But when it’s time to go, it’s time to go. For Lorne Molleken, it was just a short jaunt up the highway to a rival team who boasted a jaw-dropping new arena.
“Anyway in the summer of ’91 (former WHL President) Ed Chynoweth called and asked what my contract status was and I told him here in Moose Jaw, it’s just a handshake,” Lorne said. “He said the P.A. Raiders would like to talk to me so my wife Patsy and I drove up there for an interview. In the meantime, I’d got word the Saskatoon Blades wanted to talk to me too and I was to go meet with them at the Brodsky Construction office.
“Same trip, Patsy and I found our way to the construction office in Saskatoon and when I walked in, there was Mr. (Nate) Brodsky, Jack, Rick, Bob Brodsky, and Darryl Lubiniecki. I just about fell off my chair. The next morning I was named head coach of the Saskatoon Blades.”
Now we’re getting somewhere. Or at least, this was the era when I entered the Western Hockey League as the 20-year old play-by-play Voice of the P.A. Raiders. That’s where I got to know Lorne and the truth was, if you wanted to watch playoff hockey deep into the spring, we had to make the drive down to Saskatoon because the Blades were making deep runs just about every year. And Saskatchewan Place was packed to the gills.
“That one year in the playoffs, 1992 I think, we played P.A. in the conference final. They’d won the regular-season title,” Mooner set up. “Jeff Nelson was their big guy. We had Shane Calder, Rhett Warrener, Glen Gulutzan was our captain, Norm Maracle in goal, and we beat P.A. in six games. But before Game 6, Lubie comes down and says we can’t start the game for at least another 15 minutes because people were backed up all the way down Idylwyld into downtown trying to get in! There were between 11,000-12,000 people there that night but before half of them even got in, we were up 4-0.”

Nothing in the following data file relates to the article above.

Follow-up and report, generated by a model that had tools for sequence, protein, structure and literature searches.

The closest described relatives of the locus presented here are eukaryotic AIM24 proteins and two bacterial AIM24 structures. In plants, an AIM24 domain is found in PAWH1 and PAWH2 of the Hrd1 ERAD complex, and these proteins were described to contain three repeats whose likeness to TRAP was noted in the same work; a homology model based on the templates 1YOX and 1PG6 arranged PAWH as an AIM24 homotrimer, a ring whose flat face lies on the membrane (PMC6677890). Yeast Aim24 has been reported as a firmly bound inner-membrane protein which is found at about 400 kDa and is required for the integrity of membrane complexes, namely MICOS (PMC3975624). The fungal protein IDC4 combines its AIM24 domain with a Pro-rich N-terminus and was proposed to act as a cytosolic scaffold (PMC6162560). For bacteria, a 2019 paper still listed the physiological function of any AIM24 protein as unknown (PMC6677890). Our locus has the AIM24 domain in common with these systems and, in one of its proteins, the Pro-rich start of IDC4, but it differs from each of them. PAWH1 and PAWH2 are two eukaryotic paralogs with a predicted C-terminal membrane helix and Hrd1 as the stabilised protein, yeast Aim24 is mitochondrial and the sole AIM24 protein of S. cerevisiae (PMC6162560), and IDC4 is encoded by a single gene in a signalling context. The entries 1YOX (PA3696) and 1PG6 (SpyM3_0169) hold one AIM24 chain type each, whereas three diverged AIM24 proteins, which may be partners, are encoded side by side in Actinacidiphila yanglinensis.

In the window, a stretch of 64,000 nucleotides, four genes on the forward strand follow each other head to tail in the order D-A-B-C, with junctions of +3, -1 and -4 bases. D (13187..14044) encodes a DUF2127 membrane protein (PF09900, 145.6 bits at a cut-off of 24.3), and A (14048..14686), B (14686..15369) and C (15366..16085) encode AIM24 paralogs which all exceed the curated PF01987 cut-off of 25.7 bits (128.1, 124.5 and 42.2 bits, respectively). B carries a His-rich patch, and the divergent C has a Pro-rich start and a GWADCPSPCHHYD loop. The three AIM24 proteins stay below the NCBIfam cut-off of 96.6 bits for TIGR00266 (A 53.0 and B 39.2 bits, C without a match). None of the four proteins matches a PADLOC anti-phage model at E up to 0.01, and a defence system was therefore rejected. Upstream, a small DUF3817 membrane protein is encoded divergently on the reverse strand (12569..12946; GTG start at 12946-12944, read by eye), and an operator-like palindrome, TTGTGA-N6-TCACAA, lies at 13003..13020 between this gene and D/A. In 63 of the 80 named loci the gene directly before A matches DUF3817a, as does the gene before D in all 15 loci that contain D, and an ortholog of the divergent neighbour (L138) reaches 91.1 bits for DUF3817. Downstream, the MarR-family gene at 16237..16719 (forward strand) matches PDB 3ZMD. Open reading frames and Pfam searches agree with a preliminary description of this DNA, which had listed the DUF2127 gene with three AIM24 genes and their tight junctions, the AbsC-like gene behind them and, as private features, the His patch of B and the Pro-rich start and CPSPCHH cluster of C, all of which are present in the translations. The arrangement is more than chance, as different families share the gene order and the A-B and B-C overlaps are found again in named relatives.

The Blades lost a seven-game WHL championship series to the Kamloops Blazers in 1992 and the exact same thing happened again in 1994. Both times the Blazers went on to win the Memorial Cup.
The Blades never won it all during Molleken’s time in the Bridge City, but the NHL was watching and liked what they saw.
“At the 1995 Memorial Cup in Kamloops, I sat down with Kevin Pendergrast and Teddy Green who were two of the top guys with the Oilers. Eventually, I had to make my way to Edmonton to meet with Glen Sather.”
That’s right. The kid from Weyburn who used to rack ‘em up for the Wings at the pool hall was about to get a one-on-one interview with the architect of five Stanley Cup championships with the Edmonton Oilers.
“The Oilers were renovating at Rexall Place so their temporary offices were on the top floor of the Forum Hotel across the parking lot,” Molleken reflected. “I went in and met with Glen Sather. GLEN SATHER! You think I was shitting my pants?”
Apparently so. Everything was setting up quickly for Molleken to take over the AHL’s Cape Breton Oilers in Sidney, Nova Scotia and now it was time to talk money.
“Glen said he was gonna pay me $75,000 and I said there’s no way I could work for that. You know what he said?” Molleken chuckled.
“THEN GO DRIVE A MILK TRUCK!”
“I said ‘I’ll take the job!’ Hahaha.”
And with that Mooner was headed back to the pros, only this time as a head coach.
It wouldn’t be long before he was under the bright lights of the National Hockey League.
Stay tuned for Moonlighting, Part II.
The Rod Pedersen Show airs daily at 12:00 pm ET on Game+ TV Network in over 1.2-million homes in Canada and the USA. It’s available in Manitoba on Bell/MTS Cable, in Saskatchewan on SaskTel Max TV, in Alberta & BC on Telus Optik TV and in Washington and Oregon states on TDS Cable. It’s also simulcast on Facebook Live and RodPedersen.com/ListenLive